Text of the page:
‘The other white meat’

Published 12:00 am Wednesday, September 27, 2000

When I was taking a nutrition course in nursing school we were encouraged to teach our patients to avoid pork. Basically it was considered to be to an unhealthy food, causing high blood pressure and increased cholesterol.

But the pork that we buy in the grocery stores of today is basically a different animal. According to the Armour meat company the hogs of 2000 have 77 percent less fat and 53 percent fewer calories then just 25 years ago.

&uot;A lot of people say that they don’t like pork because it is to dry,&uot; says Shirley Corriher of Atlanta, cookbook author and cooking instructor. &uot;Basically the meat has changed but our ways of cooking have not and that is what causes the problem. Pork is much leaner than it used to be and, because of improved feeding and care practices, much healthier.

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&uot;If you cook your pork to an internal temperature of 160 degrees it will be tender, juicy and just slightly pink in the center.&uot;

Try these recipes to give your family a new appreciation for todays pork.

Honey Sesame Pork Tenderloin

1/2 cup soy sauce

2 cloves garlic, minced

1 tablespoon grated fresh ginger

1 tablespoon sesame oil

1 to 11/2 pounds pork tenderloin

1/4 cup honey

2 tablespoons dark brown sugar

1/4 cup sesame seeds

Combine soy sauce, garlic, ginger and sesame oil in a large zipper topped plastic bag. Add tenderloin. Marinate at least 2 hours or overnight in refrigerator.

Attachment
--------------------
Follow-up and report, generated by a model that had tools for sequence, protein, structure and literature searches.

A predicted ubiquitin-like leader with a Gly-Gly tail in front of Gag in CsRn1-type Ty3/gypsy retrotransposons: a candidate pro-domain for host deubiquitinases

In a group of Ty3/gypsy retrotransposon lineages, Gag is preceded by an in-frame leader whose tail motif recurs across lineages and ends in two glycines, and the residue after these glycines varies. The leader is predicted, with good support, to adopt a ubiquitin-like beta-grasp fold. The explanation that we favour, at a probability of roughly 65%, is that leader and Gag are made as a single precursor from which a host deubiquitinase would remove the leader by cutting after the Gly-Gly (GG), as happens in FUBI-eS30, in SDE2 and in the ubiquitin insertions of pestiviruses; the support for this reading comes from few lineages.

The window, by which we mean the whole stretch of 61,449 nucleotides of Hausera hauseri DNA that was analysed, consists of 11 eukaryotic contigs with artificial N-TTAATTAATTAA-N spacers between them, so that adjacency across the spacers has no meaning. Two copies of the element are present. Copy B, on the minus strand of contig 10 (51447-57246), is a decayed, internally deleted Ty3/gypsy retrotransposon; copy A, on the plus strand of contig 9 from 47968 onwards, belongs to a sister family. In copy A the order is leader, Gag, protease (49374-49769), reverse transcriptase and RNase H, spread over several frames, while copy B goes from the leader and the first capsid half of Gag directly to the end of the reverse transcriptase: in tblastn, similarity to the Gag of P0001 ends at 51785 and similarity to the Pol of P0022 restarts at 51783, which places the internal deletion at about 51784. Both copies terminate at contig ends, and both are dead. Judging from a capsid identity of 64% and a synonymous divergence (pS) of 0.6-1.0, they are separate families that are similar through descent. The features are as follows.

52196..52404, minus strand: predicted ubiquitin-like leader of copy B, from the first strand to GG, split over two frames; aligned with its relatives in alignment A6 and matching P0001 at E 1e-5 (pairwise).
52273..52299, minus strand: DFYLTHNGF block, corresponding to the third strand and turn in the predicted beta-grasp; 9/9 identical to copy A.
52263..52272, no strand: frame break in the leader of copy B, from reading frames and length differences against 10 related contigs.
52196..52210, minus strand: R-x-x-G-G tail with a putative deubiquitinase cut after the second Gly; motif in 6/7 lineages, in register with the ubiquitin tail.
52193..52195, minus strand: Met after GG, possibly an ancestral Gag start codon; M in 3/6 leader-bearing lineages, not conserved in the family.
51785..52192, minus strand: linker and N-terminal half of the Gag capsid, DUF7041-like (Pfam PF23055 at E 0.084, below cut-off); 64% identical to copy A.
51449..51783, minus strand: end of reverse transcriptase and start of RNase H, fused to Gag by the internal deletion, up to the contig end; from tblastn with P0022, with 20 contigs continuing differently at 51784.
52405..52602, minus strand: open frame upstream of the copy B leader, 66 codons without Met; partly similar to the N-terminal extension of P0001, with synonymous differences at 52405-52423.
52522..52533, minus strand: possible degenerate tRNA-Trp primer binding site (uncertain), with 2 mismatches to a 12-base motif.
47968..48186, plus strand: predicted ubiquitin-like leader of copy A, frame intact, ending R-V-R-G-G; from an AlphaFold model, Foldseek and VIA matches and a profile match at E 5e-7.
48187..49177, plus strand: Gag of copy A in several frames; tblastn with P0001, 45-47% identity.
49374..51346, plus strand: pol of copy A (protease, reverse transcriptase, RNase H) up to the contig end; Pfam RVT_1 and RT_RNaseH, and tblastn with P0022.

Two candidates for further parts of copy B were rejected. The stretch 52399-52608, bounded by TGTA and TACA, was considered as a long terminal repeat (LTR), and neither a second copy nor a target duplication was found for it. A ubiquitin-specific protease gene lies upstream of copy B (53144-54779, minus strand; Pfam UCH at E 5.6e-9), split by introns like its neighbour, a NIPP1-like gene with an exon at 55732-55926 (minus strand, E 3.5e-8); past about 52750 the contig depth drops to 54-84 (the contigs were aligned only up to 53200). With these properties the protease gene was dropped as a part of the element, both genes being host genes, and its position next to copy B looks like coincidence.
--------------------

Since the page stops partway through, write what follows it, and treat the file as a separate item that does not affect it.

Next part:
Preheat oven to 375 degrees. Combine honey and brown sugar in a shallow bowl. Remove tenderloin from marinade and pat dry with a paper towel. Roll tenderloin in the honey mixture then roll in the sesame seeds. Roast in a shallow pan for 20 to 30 minutes. Let sit for 5 to 10 minutes and serve warm.

Adapted from Stop and Smell the Rosemary

Pomander Pork

1 5 – pound boneless pork loin

Marinade ingredients

1/2 cup fresh lemon juice

1/2 cup soy sauce

1/2 cup red wine

1/2 teaspoon ground ginger

Sauce ingredients

2/3 cups sugar

1 tablespoon cornstarch

1/2 teaspoon salt

20 whole cloves, tied in cheesecloth

1/2 teaspoon cinnamon

1 tablespoon grated orange zest

1 cup fresh orange juice

3 orange slices

Combine the marinade ingredients and pour over the pork. Cover and refrigerate over night, turning occasionally.

Preheat oven to 350. Remove pork from marinade. Bake in a roasting pan for 2 to 2 1/2 hours. Be sure you baste often with marinade. While meat is cooking prepare the orange sauce. In a saucepan, combine all the ingredients except for the orange slices. Simmer over medium heat until thickened and clear. Stir occasionally. Remove the cloves and add the orange slices. Cover and remove from heat. When you remove the pork from the oven, let it sit for 5 to 10 minutes. Slice thinly and serve with sauce over rice or noodles.

Adapted from Above and Beyond Parsley

Stuffed Pork Chops

8 pork chops, thick cut. Ask meat market to cut a pocket for


2 cups frozen corn

2 cups white bread crumbs

1 teaspoon salt

1/4 teaspoon pepper

1 tablespoon chopped onion

2 tablespoons chopped parsley

1 tablespoon butter

1 egg, lightly beaten

1 cup peeled and chopped fresh apple

1/4 cup cream

1 teaspoon poultry seasoning

Salt and pepper

1 cup chicken broth

Preheat oven to 325 degrees. Mix corn, crumbs, salt and pepper. Saut\u00E9 onion and parsley in butter and add to the corn mixture with the beaten egg and apple. Stir in the cream with a light touch; add poultry seasoning, mix only until barely mixed.

Stuff the mixture into the pockets of the pork chops and brown on both sides in a heavy skillet you have sprayed with a nonstick spray. Sprinkle the chops with salt and pepper. Place them in a baking dish and pour the broth over them. Cover and bake for 1 1/2 to 2 hours. Add more liquid if needed, do not let dry out.

Adapted from Helen Corbitt’s Kitchen